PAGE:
Murry v. Advanced Asphalt Co.Annotate this Case
Murry v. Advanced Asphalt Co.
1987 OK CIV APP 88
751 P.2d 209
58 OBJ 3331
Case Number: 65439
PATRICIA ANN MURRY, APPELLANT,
ADVANCED ASPHALT COMPANY, AND DAVID BERNARD HEBERT, APPELLEES.
Appeal from the District Court of Oklahoma County; William R. Saied, Judge Presiding.
¶0 Appeal from judgment on a jury verdict for Appellees and against Appellant in her action for personal injuries sustained when a trailer owned and operated by Appellee Advanced Asphalt and driven by Appellee Hebert detached from the towing vehicle, crossed the center line of the highway and struck Appellant's vehicle. Finding error in the jury instructions regarding negligence and defenses thereto, the verdict is REVERSED, and the cause REMANDED for a new trial.
Tom M. Cummings, Cummings and Cummings, Oklahoma City,
Robert E. Black, Donaldson, Black, Cathey & Himmler, Oklahoma City, for appellees.
¶1 This case comes on for review of judgment on a jury verdict rendered against Appellant Patricia Murry (Appellant or Murry) in her action to recover for personal injuries sustained in an auto accident. On August 14, 1984, Appellant was driving her car south on Council Road in Oklahoma City. Appellee David Hebert (Hebert) was driving a dump truck with trailer attached in the opposite direction. The truck and trailer were owned and operated by Appellee Advanced Asphalt Company (Company, or Appellee). As the two vehicles approached each other, the trailer detached from the truck, crossed the center line of the street, and struck Appellant's vehicle. Appellant suffered injuries to her person and vehicle, and filed suit against the Appellees for recovery of her damages sustained.
¶2 At trial, Appellant testified she did not see the trailer until it hit her, and no issue of comparative negligence was raised. The Oklahoma City Police Officer that investigated the accident opined that the trailer being towed was not properly secured to the truck, in that a safety pin apparently had not been placed in the trailer hitch latch, and that the safety chains required had not been properly attached. The Officer found no evidence on the safety chains to indicate stress on the chains indicative of a breaking of the chains.
¶3 Another Police Officer, an accident reconstructionist, testified that from his investigation, and in his opinion, the safety chains required for trailers were not attached. The reconstructionist also testified that if a bolt and nut had been placed in the trailer hitch latch, and the safety chains had been attached, the trailer would not have come loose. He also found no evidence of any stress to the safety chains. If the chains had been properly attached, he said, the driver would have felt a tugging or jerking when the trailer came loose from the hitch. The driver, Hebert, however, testified at deposition that he felt no jerk or tug before the accident.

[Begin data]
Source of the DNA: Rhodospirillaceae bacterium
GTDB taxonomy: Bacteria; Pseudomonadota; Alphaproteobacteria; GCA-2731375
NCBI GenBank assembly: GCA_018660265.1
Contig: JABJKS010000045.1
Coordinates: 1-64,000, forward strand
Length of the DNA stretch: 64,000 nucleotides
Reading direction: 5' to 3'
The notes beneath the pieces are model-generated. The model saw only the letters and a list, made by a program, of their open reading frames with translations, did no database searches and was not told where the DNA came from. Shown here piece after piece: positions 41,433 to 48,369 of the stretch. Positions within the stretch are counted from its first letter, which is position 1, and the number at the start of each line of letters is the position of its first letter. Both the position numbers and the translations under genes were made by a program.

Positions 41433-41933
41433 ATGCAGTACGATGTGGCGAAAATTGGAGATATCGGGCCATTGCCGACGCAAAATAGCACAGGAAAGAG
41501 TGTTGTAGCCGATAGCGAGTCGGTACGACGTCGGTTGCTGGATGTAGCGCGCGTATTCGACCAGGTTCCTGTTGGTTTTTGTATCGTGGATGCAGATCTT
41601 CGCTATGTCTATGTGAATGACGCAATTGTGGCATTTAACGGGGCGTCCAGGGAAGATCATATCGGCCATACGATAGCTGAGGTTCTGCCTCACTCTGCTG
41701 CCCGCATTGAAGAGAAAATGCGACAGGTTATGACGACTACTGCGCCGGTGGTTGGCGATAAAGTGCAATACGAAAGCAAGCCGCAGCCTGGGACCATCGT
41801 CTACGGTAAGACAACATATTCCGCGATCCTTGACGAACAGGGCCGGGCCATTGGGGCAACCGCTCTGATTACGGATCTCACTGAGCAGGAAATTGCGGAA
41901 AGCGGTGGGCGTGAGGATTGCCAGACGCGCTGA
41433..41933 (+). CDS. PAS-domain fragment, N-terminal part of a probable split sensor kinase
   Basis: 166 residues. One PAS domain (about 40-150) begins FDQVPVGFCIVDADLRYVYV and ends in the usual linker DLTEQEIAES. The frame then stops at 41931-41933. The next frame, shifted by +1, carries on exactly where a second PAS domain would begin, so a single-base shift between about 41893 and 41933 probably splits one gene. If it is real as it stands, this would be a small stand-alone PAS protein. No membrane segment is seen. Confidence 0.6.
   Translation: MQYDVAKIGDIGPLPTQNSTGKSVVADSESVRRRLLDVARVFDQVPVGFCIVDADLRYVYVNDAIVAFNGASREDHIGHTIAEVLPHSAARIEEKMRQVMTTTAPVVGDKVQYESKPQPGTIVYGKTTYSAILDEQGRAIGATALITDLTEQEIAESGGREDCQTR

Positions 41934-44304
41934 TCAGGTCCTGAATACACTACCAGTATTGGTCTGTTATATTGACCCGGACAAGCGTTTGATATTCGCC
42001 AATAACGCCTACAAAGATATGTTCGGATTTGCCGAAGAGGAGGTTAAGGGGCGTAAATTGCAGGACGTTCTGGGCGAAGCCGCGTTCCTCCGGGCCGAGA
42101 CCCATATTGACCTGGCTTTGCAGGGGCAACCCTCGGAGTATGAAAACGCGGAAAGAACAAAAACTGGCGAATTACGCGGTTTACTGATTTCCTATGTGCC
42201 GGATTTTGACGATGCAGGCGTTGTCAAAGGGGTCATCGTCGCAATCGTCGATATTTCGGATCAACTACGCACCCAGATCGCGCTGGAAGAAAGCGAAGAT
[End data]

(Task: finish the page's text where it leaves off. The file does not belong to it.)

¶4 The owner of Appellee Company, Edmonds, testified that he properly attached the trailer to the truck the morning before the accident by securing the trailer hitch latch with a nut and bolt, and properly attaching the safety chains. He testified that in his opinion, "metal fatigue or something" in the trailer hitch latch "gave way" and the safety chains either came loose or broke allowing the trailer to detach.
¶5 After presentation of the evidence, the court instructed the jury over objections by Appellant, and the jury returned a verdict for Appellees. Appellant filed her motion for new trial, therein attacking the instructions to the jury and the testimony of the owner, Edmonds, as perjured. In support of the allegation of false testimony, Appellant attempted to introduce a statement of a welder who had removed the trailer from the accident scene and had replaced the trailer hitch assembly at the direction of Defendant Edmonds. That statement indicated that when he first saw the trailer at the accident scene, the trailer hitch was undamaged, the safety chains were wrapped around the tongue of the trailer, and that only one of the safety chains had a hook for attachment to the towing vehicle. Appellant alleged that the welder's testimony could not have been obtained before trial as the company for which the welder had worked at the time had gone out of business. The Trial Court denied the motion for new trial, and this appeal ensued.
¶6 On appeal, Appellant asserts several propositions of error in three categories: (1) error in instruction of the jury, (2) error in denying the motion for new trial, and (3) error by the trial court in limiting Appellant's examination of certain witnesses. As we find error in the instructions to the jury, we do not reach the other allegations of error.
¶7 In the first category of asserted error, Appellant complains of (A) Instruction No. 10 regarding negligence per se,
¶8 None of the parties to this appeal take issue with the applicability of the doctrine of negligence per se to this appeal. Under that doctrine, the violation of an ordinance or statute is deemed negligence in and of itself if the injury (1) was caused by violation of the statute or ordinance, (2) was of the type of injury the ordinance or statute intended to prevent, and (3) the party injured was within the class of persons meant to be protected by the statute or ordinance. Boyles v. Okla. Nat. Gas Co., 619 P.2d 613 (Okl. 1980); Shoopman v. Traveler's Ins. Co., 518 P.2d 1108 (Okl. 1974); Gasko v. Gray, 507 P.2d 1231 (Okl. 1973); Garner v. Myers, 318 P.2d 410 (Okl. 1957). Violation of state law in the operation of a motor vehicle constitutes negligence per se. Garner v. Myers, 318 P.2d 410 (Okl. 1957).